Atmospheric O2 generally has a detrimental effect on the nutritive quality of foods, and it is therefore desirable to maintain many types of foods at a low O2 tension, or at least prevent a continuous supply of O2 into the package. Lipid oxidation results in the formation of hydroperoxides, peroxides, and epoxides, which will, in turn, oxidize or otherwise react with carotenoids, tocopherols, and ascorbic acid to cause loss of vitamin activity.

With the exception of respiring fruits and vegetables and some fresh foods, changes in the gas atmosphere of packaged foods depend largely on the nature of the package. Adequately sealed metal and glass containers effectively prevent the interchange of gases between the food and the atmosphere. With flexible packaging, however, the diffusion of gases depends not only on the effectiveness of the closure but also on the permeability of the packaging material, which depends primarily on the physicochemical structure of the barrier. Light

Many deteriorative changes in the nutritional quality of foods are initiated or accelerated by light. Light is, essentially, an electromagnetic vibration in the wavelength range between 4000 and 7000 A, the wavelength of ultraviolet (UV) light ranges between 2000 and 4000 A. The catalytic effects of light are most pronounced in the lower wavelengths of the visible spectrum and in the UV spectrum. The intensity of light and the length of exposure are significant factors in the production of discoloration and flavor defects in packaged foods.

There have been many studies demonstrating the effect of packaging materials with different light-screening properties on the rates of deteriorative reactions in foods. Among the most commonly studied foods has been fluid milk, the extent of off-flavor development being related to the exposure interval, strength of light, and amount of milk surface exposed.

 1.3.3 Enzymic reactions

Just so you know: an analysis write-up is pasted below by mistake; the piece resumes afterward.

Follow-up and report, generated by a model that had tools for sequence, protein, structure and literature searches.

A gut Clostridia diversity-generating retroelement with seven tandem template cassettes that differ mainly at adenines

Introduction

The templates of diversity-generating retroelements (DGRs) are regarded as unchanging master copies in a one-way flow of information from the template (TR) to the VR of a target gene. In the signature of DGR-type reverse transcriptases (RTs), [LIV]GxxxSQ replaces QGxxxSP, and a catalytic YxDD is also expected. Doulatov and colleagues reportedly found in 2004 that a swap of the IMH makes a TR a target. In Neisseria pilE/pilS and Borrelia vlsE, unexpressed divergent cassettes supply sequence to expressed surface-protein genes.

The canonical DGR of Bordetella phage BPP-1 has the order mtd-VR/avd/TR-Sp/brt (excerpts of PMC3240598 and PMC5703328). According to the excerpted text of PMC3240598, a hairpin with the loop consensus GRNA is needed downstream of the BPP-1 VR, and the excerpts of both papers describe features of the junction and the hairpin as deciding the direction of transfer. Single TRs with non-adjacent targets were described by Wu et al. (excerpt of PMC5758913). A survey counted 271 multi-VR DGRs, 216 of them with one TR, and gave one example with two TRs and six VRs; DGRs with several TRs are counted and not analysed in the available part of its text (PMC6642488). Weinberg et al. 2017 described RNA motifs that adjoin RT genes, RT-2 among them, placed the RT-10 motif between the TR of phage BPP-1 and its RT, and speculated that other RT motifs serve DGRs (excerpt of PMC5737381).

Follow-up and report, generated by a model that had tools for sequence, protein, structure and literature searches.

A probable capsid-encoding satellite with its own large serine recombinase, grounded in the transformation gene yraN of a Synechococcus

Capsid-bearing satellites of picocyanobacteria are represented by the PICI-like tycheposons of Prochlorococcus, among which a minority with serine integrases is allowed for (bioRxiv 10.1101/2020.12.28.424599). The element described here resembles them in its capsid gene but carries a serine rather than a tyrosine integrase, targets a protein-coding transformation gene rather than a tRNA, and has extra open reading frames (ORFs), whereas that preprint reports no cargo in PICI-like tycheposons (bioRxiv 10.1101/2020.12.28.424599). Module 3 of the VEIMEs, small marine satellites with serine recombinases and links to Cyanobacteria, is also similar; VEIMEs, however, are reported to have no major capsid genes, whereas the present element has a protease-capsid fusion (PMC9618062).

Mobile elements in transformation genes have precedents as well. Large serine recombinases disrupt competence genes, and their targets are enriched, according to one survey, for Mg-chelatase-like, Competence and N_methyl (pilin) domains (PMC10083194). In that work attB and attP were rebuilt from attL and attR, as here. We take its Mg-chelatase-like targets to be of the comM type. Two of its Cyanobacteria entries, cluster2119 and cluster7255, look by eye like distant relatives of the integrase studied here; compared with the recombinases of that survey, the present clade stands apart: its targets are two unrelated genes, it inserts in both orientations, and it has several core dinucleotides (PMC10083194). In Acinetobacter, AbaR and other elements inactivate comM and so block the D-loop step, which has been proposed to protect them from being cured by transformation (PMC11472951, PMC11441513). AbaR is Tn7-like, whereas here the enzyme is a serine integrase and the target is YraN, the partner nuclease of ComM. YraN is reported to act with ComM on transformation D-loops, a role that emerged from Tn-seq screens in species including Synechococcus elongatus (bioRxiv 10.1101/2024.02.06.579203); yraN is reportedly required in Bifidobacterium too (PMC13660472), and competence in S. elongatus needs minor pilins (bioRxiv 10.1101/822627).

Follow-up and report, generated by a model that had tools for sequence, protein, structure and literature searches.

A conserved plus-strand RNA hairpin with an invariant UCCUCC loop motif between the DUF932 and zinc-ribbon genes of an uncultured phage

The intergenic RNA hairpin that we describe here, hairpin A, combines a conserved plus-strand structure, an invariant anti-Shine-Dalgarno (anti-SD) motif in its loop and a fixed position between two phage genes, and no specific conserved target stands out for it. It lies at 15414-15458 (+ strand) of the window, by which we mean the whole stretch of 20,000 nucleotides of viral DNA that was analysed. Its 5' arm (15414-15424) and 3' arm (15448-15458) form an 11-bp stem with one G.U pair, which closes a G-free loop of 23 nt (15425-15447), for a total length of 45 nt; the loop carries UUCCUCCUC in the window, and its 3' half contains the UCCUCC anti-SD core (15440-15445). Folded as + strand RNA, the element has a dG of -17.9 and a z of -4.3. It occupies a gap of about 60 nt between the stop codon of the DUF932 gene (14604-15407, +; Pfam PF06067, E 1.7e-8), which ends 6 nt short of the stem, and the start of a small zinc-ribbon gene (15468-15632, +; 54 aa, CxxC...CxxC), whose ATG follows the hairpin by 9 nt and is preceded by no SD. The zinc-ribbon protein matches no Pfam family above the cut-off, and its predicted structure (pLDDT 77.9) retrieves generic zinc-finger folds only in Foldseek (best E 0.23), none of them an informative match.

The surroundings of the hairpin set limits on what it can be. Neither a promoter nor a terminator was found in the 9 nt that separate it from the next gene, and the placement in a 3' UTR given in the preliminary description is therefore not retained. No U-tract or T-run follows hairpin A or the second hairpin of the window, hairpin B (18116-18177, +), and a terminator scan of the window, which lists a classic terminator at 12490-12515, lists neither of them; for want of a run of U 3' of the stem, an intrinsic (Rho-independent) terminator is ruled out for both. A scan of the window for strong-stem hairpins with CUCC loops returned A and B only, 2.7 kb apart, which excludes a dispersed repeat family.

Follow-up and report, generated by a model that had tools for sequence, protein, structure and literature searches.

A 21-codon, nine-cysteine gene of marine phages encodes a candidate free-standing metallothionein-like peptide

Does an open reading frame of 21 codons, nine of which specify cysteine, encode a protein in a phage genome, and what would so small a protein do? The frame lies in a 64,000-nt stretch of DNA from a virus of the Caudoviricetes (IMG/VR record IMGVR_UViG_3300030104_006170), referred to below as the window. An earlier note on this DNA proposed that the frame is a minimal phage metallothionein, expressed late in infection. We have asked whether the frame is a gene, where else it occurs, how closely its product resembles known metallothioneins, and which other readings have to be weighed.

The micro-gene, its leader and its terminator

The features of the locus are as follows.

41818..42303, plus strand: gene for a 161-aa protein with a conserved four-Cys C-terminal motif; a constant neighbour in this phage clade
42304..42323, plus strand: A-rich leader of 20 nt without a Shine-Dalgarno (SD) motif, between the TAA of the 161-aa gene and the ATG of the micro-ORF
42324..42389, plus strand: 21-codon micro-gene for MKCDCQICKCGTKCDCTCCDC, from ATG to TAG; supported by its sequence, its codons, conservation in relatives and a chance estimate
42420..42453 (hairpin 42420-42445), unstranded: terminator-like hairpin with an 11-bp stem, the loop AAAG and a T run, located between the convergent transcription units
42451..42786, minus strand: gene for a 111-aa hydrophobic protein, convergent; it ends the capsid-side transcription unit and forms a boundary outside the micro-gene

In food packaging technology, knowledge of enzyme action is essential to a fuller understanding of the implications of different forms of packaging. The importance of enzymes to the food processor is often determined by the conditions prevailing within and outside the food. Control of these conditions is necessary to control enzymic activity during food processing and storage. The major factors useful in controlling enzyme activity are temperature, aw, pH, chemicals that can inhibit enzyme action, alteration of substrates, alteration of products, and preprocessing control.

Three of these factors are particularly relevant in a packaging context. The first is temperature i.e.  the ability of a package to maintain a low product temperature and thus retard enzyme action will often increase product shelf life. The second important factor is aw, because the rate of enzyme activity is dependent on the amount of water available, low levels of water can severely restrict enzymic activities and even alter the pattern of activity. Finally, alteration of substrate (in particular, the ingress of O2 into a package) is important in many O2 dependent reactions that are catalyzed by enzymes, for example, enzymic browning due to oxidation of phenols in fruits and vegetables.

 1.3.4 Chemical reactions

Many of the chemical reactions that occur in foods can lead to deterioration in food quality (both nutritional and sensory) or the impairment of food safety. Such reaction classes can involve different reactants or substrates, depending on the specific food and the particular conditions for processing or storage. The rates of these chemical reactions are dependent on a variety of factors amenable to control by packaging, including light, O2 concentration, temperature, and aw. Therefore, the package can, in certain circumstances, play a major role in controlling these factors, and thus indirectly the rate of the deteriorative chemical reactions.

The two major chemical changes that occur during the processing and storage of foods and lead to deterioration in sensory quality are lipid oxidation and nonenzymic browning (NEB). Chemical reactions are also responsible for changes in the color and flavor of foods during processing and storage. Lipid oxidation

Autoxidation is the reaction of molecular O2 by a free radical mechanism with hydrocarbons and other compounds. The reaction of free radicals with O2 is extremely rapid, and many mechanisms for initiation of free radical reactions have been described. The crucial role that autoxidation plays in the development of undesirable flavors and aromas in foods is well documented, and autoxidation is a major cause of food deterioration. Nonenzymic browning